Permanent, Universal & Whole Life Insurance Explained
Canadian Life Insurance comes in two types – temporary and permanent. Most people have some type of temporary life insurance either as a term insurance policy, mortgage insurance, or group insurance policy (likely through work or an association plan like an automobile club). Some also have permanent life insurance either in the form of whole life insurance, universal life insurance, or Term to 100 Insurance. This article will discuss the purpose of permanent life insurance with some examples, considerations when purchasing plus 8 money saving tips for purchasing universal insurance or whole life insurance.
Permanent life insurance is used for estate planning and retirement planning. The primary difference here is that the life insurance need is not temporary and you want the life insurance to pay when you die-hopefully at a very senior age. About 40% of life insurance sold is permanent life insurance. Many of our clients did not realize they had a need until we had spent considerable time discussing what they wanted to have happen on their death and discovered some major differences between what they thought would happen and what would really happen.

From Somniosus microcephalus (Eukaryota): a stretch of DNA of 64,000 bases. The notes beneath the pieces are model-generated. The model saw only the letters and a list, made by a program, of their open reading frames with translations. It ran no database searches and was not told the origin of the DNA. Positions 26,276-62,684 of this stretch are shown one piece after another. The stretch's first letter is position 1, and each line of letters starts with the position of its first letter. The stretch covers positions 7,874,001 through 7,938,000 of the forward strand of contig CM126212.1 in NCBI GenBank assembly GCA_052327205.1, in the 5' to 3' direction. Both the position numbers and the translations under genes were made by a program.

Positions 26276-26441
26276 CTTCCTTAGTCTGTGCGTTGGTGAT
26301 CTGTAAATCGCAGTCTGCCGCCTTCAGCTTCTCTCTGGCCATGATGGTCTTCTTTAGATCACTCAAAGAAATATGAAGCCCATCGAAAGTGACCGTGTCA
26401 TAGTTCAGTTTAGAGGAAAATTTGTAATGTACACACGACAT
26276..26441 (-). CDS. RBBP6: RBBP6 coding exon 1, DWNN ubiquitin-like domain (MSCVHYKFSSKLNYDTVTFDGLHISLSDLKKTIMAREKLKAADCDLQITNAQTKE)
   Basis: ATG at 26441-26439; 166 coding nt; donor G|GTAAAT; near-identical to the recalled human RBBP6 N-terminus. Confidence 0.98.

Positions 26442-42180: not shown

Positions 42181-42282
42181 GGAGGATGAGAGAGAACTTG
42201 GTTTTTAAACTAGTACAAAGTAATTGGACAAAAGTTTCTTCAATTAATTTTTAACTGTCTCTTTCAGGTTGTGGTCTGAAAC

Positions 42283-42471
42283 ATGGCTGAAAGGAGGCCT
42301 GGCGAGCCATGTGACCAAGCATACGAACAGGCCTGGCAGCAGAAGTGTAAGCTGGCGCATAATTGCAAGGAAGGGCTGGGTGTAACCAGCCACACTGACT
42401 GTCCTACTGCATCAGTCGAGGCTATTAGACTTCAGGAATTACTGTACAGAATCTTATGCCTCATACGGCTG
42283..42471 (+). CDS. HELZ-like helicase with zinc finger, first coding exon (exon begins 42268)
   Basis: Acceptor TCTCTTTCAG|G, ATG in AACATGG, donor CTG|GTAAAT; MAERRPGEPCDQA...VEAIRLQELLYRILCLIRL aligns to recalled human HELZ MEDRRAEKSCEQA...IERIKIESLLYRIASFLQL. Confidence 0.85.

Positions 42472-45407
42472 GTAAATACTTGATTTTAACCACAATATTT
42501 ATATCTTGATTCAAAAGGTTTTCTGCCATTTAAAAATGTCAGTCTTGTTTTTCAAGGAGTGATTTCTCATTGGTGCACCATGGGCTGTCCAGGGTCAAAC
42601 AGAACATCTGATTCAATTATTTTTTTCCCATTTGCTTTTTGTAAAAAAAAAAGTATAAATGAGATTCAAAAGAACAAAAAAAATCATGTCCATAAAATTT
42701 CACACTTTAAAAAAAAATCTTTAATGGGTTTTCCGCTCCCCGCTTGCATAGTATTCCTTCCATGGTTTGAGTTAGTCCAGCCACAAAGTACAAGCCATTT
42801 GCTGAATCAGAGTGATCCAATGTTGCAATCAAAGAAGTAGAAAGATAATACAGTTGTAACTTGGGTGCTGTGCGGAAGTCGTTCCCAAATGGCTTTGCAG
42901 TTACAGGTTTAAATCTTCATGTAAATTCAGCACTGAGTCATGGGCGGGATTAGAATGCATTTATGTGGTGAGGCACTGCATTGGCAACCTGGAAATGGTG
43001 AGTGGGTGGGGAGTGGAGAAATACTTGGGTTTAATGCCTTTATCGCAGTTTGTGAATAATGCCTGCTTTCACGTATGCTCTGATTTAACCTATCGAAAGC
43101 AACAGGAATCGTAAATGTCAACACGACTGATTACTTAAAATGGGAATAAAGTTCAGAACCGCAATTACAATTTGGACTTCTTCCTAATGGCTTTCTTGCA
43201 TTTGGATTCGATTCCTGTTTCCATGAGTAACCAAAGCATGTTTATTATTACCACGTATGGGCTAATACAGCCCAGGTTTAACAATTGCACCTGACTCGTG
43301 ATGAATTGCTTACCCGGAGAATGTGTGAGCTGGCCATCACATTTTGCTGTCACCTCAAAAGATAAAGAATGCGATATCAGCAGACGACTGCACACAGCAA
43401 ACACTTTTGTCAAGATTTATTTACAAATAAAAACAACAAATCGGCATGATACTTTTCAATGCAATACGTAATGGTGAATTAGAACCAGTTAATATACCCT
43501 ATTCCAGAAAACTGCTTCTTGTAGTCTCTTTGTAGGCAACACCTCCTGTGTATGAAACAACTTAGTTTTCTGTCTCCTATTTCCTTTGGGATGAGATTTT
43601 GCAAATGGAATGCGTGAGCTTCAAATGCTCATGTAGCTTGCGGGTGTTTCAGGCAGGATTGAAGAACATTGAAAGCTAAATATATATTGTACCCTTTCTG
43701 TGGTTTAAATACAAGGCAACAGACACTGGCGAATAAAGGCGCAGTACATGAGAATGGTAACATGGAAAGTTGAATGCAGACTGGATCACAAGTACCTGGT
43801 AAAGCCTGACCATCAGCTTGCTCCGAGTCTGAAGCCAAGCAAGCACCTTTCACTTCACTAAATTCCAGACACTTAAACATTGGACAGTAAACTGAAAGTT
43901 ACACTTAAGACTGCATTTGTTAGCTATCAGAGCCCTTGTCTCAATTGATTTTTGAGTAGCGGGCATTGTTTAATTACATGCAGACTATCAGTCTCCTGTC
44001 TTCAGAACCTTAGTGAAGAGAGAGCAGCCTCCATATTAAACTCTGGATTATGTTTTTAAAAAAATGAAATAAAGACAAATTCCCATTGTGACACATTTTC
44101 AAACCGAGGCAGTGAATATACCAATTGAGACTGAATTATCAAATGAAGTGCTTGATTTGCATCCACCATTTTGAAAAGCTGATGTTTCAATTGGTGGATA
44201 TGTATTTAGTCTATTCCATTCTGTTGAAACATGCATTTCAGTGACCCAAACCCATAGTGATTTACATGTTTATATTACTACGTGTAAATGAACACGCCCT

While saving taxes was an important issue, in many cases it was not the most important.
Reasons for choosing permanent life insurance are as follows:
- To provide money to pay capital gains or estate taxes so that your beneficiaries can keep all your assets or property on your death and not have to sell something to pay the taxes. The timing may not be good for selling property. This does not apply to your spouse in most cases as assets flow to them tax free.